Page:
Part 40Sorry for the lack of update yesterday, had to study for a lame c# midterm exam thingie.
Anyways, here is it. Even with their increased levels, the grind in that place is booooring, due to it being a very small area, with no treasure or anything at all.
Tengu (天狗, Tengu? "heavenly dogs") are a class of supernatural creatures found in Japanese folklore, art, theater, and literature. They are one of the best known yōkai (monster-spirits) and are sometimes worshipped as Shinto kami (revered spirits or gods). Although they take their name from a dog-like Chinese demon, the tengu were originally thought to take the forms of birds of prey, and they are traditionally depicted with both human and avian characteristics. The earliest tengu were pictured with beaks, but this feature has often been humanized as an unnaturally long nose, which today is practically the tengu's defining characteristic in the popular imagination.
Buddhism long held that the tengu were disruptive demons and harbingers of war. Their image gradually softened, however, into one of protective, if still dangerous, spirits of the mountains and forests. Tengu are associated with the ascetic practice known as Shugendō, and they are usually depicted in the distinctive garb of its followers, the yamabushi.
it is clearly a strong demon. And it likes to kick the minions' ass and paralize with Sibabu, something that is VERY, very annoying.
Due to increased levels, there is no poinnt in keeping low leveled minions. IT IS FUSING TIME.
The kelpie is a supernatural shape-shifting water horse from Celtic folklore that is believed to haunt the rivers and lochs of Scotland and Ireland. In Orkney a similar creature was called the Nuggle, and in Shetland a similar creature was called the Shoopiltee. It also appears in Scandinavian folklore where it is known by the name Bäckahästen, the brook horse.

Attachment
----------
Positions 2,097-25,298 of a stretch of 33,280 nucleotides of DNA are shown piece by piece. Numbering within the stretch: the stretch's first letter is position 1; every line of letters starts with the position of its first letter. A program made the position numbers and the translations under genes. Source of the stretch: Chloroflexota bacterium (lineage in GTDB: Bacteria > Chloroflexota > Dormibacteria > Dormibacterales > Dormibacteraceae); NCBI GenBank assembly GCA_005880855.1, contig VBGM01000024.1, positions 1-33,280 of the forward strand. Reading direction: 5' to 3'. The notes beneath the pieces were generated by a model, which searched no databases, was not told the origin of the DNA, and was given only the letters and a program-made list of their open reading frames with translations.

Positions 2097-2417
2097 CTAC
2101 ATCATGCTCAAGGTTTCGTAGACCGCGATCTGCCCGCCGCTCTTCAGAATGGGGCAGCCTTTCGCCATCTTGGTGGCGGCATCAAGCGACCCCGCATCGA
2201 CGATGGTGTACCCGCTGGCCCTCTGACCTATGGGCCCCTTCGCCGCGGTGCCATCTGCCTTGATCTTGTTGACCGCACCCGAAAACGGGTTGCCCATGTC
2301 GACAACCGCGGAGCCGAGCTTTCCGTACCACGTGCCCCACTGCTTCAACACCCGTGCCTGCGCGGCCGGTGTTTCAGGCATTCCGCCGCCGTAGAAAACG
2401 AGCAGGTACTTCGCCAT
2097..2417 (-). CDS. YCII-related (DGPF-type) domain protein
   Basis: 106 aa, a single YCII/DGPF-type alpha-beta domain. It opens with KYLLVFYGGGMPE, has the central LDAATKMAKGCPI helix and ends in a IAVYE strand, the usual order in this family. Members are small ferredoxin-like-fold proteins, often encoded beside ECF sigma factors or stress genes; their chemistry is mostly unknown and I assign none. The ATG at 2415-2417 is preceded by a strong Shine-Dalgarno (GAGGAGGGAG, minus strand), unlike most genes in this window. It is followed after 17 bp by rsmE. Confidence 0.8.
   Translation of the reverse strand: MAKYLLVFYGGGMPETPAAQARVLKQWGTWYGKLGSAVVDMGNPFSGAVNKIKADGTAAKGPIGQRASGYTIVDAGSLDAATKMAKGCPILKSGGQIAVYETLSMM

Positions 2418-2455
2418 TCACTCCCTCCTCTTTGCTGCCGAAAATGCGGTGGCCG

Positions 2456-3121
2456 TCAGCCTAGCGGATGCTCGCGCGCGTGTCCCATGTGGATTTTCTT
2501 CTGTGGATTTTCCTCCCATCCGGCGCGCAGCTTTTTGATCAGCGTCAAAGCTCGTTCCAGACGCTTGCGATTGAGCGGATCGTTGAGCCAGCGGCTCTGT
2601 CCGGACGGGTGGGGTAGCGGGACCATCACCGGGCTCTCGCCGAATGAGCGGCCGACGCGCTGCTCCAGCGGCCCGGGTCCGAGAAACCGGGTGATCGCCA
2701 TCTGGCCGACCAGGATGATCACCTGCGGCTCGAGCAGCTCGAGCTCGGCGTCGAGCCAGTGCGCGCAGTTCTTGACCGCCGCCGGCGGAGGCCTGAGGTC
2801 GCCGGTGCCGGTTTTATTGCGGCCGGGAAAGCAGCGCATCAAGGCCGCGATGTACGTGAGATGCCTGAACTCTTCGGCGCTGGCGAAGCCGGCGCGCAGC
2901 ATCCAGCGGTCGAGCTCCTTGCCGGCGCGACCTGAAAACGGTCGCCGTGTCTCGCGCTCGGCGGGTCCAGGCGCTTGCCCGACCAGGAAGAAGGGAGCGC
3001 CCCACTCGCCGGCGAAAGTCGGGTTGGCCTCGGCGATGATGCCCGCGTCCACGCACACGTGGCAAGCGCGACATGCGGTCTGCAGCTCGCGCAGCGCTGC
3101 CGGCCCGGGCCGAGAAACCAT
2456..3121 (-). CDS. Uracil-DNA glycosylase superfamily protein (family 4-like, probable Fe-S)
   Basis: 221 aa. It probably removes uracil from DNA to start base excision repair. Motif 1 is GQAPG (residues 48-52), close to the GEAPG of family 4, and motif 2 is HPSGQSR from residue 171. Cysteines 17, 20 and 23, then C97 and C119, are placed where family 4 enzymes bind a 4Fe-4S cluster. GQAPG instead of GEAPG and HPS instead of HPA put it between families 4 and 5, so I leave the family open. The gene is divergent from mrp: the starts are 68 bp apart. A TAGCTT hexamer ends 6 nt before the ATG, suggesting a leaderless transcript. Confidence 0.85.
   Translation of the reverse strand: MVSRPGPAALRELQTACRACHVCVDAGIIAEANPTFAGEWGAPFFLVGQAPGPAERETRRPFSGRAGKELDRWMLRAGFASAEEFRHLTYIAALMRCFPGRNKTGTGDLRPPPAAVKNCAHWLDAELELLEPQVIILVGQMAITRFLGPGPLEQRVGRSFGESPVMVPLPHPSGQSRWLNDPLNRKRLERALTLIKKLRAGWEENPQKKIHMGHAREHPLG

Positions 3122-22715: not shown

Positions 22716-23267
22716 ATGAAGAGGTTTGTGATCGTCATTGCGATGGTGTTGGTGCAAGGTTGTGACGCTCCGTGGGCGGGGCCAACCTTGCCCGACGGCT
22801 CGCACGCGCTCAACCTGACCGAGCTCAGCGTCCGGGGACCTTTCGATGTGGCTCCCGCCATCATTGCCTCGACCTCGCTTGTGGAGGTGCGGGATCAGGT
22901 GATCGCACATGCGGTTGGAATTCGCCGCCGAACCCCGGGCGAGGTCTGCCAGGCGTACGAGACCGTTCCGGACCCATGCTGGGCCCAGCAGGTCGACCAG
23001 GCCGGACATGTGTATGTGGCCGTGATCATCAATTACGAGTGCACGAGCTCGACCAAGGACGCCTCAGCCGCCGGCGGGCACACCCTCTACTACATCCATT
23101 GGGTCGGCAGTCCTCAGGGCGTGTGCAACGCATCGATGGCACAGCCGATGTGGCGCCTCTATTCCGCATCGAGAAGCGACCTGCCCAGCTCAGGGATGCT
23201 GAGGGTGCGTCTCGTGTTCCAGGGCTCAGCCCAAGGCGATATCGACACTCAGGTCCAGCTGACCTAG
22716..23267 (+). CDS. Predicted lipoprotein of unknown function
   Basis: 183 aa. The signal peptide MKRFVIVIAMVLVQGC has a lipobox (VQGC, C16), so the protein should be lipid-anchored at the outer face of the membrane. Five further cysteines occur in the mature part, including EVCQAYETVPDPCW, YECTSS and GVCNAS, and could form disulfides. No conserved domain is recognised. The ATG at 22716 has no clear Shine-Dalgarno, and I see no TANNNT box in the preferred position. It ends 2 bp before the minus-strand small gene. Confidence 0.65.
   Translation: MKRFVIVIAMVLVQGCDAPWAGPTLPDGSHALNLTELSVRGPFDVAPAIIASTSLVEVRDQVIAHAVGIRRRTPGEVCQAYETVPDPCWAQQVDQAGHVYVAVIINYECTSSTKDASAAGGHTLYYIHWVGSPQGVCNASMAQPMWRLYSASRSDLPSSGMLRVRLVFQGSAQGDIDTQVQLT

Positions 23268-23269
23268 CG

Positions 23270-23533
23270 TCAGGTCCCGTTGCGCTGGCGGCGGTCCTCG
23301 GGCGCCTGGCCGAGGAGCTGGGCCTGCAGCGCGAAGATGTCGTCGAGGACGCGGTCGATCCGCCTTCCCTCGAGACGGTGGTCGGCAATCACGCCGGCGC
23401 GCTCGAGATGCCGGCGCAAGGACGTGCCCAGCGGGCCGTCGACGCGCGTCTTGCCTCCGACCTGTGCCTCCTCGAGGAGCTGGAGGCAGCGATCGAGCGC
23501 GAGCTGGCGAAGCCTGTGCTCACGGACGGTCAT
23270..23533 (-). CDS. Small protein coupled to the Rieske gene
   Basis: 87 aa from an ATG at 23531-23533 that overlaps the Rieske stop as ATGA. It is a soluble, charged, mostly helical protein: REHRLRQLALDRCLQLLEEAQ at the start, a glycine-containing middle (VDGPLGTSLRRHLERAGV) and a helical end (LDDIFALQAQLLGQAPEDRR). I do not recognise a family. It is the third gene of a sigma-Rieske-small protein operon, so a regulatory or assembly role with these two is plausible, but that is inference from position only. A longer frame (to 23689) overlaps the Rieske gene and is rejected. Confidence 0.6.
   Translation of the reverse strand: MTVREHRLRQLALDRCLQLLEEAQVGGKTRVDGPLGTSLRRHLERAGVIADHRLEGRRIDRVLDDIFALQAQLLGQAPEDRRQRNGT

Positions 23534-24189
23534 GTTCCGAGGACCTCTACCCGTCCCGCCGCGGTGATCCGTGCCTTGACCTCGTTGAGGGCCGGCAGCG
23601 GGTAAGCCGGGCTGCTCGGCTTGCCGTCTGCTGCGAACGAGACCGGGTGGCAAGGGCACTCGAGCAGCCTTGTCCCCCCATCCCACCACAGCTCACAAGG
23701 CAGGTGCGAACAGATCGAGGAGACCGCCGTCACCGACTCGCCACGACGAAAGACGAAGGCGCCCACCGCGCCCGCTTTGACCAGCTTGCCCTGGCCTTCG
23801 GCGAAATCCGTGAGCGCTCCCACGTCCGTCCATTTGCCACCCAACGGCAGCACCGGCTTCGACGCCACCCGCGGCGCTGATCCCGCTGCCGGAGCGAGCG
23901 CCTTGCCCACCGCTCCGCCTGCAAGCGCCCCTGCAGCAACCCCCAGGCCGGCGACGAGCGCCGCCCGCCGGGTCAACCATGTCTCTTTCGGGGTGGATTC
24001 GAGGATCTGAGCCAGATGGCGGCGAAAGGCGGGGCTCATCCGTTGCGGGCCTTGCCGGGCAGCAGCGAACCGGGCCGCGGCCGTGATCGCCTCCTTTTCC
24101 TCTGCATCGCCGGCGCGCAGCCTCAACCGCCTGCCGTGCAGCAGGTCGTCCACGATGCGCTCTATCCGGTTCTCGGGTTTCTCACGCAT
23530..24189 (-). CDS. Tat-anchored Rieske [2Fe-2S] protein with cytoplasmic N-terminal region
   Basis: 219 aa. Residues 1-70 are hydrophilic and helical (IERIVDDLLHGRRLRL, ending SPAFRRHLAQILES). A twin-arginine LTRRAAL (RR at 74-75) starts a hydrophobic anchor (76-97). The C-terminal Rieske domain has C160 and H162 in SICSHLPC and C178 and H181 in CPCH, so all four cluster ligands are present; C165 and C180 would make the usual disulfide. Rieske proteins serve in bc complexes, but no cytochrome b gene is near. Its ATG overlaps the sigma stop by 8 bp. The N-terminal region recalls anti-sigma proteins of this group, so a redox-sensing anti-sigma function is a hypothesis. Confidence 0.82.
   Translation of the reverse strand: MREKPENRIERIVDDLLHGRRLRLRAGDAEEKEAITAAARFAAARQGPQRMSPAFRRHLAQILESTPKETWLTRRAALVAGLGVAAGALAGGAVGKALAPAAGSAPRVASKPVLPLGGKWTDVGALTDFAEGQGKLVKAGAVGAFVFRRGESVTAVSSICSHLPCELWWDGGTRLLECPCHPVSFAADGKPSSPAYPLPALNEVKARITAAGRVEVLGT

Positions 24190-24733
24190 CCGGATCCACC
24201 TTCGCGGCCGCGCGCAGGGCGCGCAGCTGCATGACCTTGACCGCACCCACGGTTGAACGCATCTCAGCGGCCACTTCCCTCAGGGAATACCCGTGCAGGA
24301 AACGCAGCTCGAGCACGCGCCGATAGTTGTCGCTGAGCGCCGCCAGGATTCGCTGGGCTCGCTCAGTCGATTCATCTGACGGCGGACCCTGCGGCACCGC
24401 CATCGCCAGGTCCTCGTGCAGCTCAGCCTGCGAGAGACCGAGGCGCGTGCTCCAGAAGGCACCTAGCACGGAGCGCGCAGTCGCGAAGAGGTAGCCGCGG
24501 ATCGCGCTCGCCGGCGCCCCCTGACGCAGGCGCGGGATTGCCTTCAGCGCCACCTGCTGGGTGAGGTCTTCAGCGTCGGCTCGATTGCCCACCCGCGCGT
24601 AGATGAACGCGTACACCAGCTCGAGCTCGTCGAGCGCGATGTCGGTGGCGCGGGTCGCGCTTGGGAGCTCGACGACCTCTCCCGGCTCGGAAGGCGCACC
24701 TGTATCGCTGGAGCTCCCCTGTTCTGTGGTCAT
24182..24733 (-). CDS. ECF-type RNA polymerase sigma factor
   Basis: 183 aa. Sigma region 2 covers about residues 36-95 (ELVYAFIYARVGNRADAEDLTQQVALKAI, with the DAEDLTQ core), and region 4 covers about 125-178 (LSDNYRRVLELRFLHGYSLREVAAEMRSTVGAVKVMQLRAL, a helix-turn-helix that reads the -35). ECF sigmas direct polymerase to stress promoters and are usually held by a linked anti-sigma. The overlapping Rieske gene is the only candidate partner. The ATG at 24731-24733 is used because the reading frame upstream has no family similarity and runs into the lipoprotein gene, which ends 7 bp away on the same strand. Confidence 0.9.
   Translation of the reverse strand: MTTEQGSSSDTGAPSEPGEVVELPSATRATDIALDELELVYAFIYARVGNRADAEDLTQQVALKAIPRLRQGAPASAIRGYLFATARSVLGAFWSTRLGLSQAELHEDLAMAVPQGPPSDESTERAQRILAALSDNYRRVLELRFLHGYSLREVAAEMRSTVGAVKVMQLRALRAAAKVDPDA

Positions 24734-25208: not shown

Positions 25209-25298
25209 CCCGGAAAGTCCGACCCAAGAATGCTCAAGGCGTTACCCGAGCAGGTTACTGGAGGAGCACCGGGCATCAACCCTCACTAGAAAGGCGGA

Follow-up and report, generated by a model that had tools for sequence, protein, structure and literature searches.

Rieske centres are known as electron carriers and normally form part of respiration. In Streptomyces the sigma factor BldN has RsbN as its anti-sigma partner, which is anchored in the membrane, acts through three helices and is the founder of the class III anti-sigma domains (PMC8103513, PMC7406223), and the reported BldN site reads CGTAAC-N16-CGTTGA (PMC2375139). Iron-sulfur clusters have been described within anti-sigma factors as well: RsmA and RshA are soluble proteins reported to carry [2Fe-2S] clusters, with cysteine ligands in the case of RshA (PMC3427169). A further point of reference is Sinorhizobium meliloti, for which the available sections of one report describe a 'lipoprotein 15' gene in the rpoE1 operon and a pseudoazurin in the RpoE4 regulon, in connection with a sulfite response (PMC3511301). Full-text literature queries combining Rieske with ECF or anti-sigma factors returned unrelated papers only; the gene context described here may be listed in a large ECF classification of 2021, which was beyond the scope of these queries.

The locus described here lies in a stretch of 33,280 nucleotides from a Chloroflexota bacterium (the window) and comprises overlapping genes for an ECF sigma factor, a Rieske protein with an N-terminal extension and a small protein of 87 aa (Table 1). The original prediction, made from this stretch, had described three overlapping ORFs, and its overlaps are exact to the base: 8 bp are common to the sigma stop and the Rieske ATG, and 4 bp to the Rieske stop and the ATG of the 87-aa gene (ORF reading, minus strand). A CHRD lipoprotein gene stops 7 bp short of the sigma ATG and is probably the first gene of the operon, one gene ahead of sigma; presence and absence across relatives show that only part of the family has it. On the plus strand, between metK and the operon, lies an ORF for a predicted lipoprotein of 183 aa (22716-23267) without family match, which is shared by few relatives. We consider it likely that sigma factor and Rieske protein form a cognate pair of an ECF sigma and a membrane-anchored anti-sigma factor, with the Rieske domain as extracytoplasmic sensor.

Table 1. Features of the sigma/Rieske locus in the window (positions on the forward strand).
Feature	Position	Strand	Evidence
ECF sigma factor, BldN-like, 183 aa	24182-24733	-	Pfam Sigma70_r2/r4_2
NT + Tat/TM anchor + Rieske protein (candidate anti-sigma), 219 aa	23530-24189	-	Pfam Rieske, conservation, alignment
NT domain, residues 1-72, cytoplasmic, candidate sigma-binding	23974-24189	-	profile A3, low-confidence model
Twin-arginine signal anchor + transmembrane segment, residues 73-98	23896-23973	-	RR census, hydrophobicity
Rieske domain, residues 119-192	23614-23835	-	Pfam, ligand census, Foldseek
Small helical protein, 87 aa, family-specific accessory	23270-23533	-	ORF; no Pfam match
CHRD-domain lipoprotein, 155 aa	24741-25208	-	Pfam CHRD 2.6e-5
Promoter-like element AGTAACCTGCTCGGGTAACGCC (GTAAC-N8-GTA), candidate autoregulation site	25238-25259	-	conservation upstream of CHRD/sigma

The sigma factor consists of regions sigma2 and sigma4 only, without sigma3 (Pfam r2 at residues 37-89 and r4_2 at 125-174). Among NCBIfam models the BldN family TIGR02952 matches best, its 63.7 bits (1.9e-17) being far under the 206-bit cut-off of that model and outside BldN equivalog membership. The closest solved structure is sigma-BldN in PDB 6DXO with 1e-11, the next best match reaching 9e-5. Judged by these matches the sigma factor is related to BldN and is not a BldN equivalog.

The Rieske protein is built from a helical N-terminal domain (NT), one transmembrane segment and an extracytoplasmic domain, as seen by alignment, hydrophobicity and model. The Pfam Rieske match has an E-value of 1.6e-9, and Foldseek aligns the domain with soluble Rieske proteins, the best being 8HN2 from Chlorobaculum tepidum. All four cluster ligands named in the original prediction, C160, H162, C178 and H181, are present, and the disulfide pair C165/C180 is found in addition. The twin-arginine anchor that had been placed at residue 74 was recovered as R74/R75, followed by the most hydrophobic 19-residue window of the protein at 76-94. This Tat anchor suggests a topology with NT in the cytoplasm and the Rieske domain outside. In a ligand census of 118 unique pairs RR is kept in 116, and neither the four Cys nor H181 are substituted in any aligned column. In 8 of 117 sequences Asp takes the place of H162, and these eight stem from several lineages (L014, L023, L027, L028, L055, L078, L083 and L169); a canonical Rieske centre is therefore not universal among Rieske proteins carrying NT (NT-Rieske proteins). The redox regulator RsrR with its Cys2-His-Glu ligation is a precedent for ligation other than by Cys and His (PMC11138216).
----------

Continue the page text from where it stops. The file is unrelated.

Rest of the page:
Hou ou? Wasn't that a pokémon?
Feng Huang (Chinese)
Feng (Hou) represents male phoenix, yang, solar
Huang (Ou) represents female phoenix, yin, lunar
Often depicted together with the Dragon,
either as mortal enemies or as blissful lovers.
Considered equivalent to Red Bird | Big Bird (Suzaku)
One of the guardians of the Four Directions (Shishin)
In Japan, as earlier in China, the mythical Phoenix was adopted as a symbol of the imperial household, particularily the empress. This mythical bird represents fire, the sun, justice, obedience, and fidelity.
According to legend (mostly from China), the Ho-oo appears very rarely, and only to mark the beginning of a new era -- the birth of a virtuous ruler, for example. In other traditions, the Ho-oo appears only in peaceful and prosperous times (nesting, it is said, in paulownia trees), and hides itself when there is trouble. As the herald of a new age, the Ho-Oo decends from heaven to earth to do good deeds, and then it returns to its celestial abode to await a new era. It is both a symbol of peace (when it appears) and a symbol of disharmony (when it disappears). In China, early artifacts show the Phoenix (female) as intimately associated with the Dragon (male) -- the two are portrayed either as mortal enemies or as blissful lovers. When shown together, the two symbolize both conflict and wedded bliss, and are a common design motif even today in many parts of Asia (see below).